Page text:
Since the team was founded in 2007, Toronto FC and its passionate fan base have been at the forefront of North American soccer support and in many ways, have elevated Major League Soccer to international respectability and been instrumental in the health of the league as it stands today. MLS commissioner Don Garber once said, “TFC has helped teach Americans how to be soccer fans. Everything from how they travel down to away games, to how they cheer, to their passion for their club, to their commitment to the club.”
For all the successes of the fans in spreading football fan culture to North America, the team has been largely disappointing on the pitch, having never yet qualified for the MLS playoffs until the 2015 season. And despite modest success in the Canadian championship, and one decent North American Champions’ League run, fans began to grow tired of mediocrity. Eventually, management responded, and, using the deep pockets of the organisation (MLSE, who own cash-cow NHL club Maple Leafs), went out and signed international superstars Michael Bradley and Jermain Defoe. Defoe’s arrival, in particular, was highly anticipated. So heavily did TFC invest in the English footballer’s signing, that they sprung for a fleet of London Routemaster buses painted in a commemorative colour scheme to ply Toronto’s transit routes. Defoe eventually got injured, missed most of the season, and was sold to Sunderland, ending a brief and disastrous spell in Toronto.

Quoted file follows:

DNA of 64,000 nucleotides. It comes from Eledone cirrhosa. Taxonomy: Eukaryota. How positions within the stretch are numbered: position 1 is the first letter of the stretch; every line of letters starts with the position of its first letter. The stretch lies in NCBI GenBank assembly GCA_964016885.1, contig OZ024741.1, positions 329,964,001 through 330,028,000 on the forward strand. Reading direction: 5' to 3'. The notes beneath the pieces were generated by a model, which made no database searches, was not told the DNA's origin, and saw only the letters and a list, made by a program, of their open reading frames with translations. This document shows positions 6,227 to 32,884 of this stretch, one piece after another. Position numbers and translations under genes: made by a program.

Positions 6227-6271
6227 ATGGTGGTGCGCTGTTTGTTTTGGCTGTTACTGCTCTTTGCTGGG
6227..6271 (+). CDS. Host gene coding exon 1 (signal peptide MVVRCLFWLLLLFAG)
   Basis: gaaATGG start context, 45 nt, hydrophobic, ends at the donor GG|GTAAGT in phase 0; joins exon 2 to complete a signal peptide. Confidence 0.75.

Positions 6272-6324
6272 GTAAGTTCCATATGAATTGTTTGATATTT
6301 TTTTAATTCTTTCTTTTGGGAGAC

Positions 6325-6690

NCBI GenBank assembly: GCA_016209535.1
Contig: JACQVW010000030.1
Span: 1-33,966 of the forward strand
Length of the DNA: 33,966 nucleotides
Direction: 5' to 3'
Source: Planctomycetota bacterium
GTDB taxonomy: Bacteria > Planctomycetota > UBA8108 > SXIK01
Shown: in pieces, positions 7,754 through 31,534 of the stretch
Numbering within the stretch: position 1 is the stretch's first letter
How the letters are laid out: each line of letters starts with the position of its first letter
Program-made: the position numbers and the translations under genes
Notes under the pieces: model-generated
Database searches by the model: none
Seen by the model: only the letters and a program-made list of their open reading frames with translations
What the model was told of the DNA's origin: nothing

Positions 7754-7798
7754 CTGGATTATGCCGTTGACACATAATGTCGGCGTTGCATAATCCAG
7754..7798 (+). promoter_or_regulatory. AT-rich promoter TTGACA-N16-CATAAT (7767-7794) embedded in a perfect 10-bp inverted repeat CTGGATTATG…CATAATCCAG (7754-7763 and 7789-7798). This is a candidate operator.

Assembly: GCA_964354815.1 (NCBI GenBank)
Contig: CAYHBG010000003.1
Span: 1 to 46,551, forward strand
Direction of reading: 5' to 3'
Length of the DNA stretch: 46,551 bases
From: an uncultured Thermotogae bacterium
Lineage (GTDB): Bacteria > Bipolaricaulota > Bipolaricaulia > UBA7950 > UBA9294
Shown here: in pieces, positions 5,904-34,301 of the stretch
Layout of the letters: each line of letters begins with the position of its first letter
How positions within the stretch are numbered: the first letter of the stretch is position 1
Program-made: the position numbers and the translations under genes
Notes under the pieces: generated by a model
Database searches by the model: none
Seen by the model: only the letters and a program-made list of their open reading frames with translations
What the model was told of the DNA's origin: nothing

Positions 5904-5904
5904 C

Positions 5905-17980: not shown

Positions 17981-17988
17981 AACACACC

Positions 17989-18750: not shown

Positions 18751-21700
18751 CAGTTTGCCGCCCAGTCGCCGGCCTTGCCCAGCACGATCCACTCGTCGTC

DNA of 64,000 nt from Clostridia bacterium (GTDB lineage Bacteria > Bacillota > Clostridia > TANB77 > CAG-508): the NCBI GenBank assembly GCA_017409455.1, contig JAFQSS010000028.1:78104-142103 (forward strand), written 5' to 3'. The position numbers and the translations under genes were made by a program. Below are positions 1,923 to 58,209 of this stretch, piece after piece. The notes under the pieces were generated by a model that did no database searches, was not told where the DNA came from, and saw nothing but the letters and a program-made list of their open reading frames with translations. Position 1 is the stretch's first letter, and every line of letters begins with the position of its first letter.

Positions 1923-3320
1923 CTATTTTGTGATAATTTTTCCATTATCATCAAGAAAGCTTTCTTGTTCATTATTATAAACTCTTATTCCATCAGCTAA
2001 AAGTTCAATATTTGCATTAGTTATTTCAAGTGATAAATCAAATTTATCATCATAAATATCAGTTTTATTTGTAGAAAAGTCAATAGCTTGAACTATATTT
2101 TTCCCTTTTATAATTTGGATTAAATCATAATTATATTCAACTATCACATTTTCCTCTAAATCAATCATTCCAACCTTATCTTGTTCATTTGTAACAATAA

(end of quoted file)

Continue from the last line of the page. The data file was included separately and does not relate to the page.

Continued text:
Management knew they needed to rebound so they quickly moved on signing an A-grade international star to compliment the solid play of Michael Bradley. The team actually got two; Jozy Altidore from the Premier League, and Italian sensation Sebastian Giovinco. Along with Bradley, the international trio have lit up BMO Field and ignited the fans as they push ever closer to the first playoff berth.
All the while, BMO Field is being entirely rebuilt from the ground. There have been constant expansions on a small scale throughout the stadium’s short history but now, a complete transformation is being undertaken. Currently in progress as the season is played, new improvements come on board all the time. By next year (2016), the stadium will be covered and will seat up to 40,000 for big events. It will also begin next summer to host the Canadian Football League’s Toronto Argonauts. Now and into the future, it is one of the very best grounds in MLS, offering a spectacular experience for fans.
I visited BMO Field in August 2014 when Toronto hosted Chicago Fire. Tickets were quite hard to get and expensive but the Toronto skyline made this stadium visit very worthwile. Good fans and the beer stand at the other end seemed great. Good programme and a lot of different merchandise available.
I'll give the extras for the skyline view.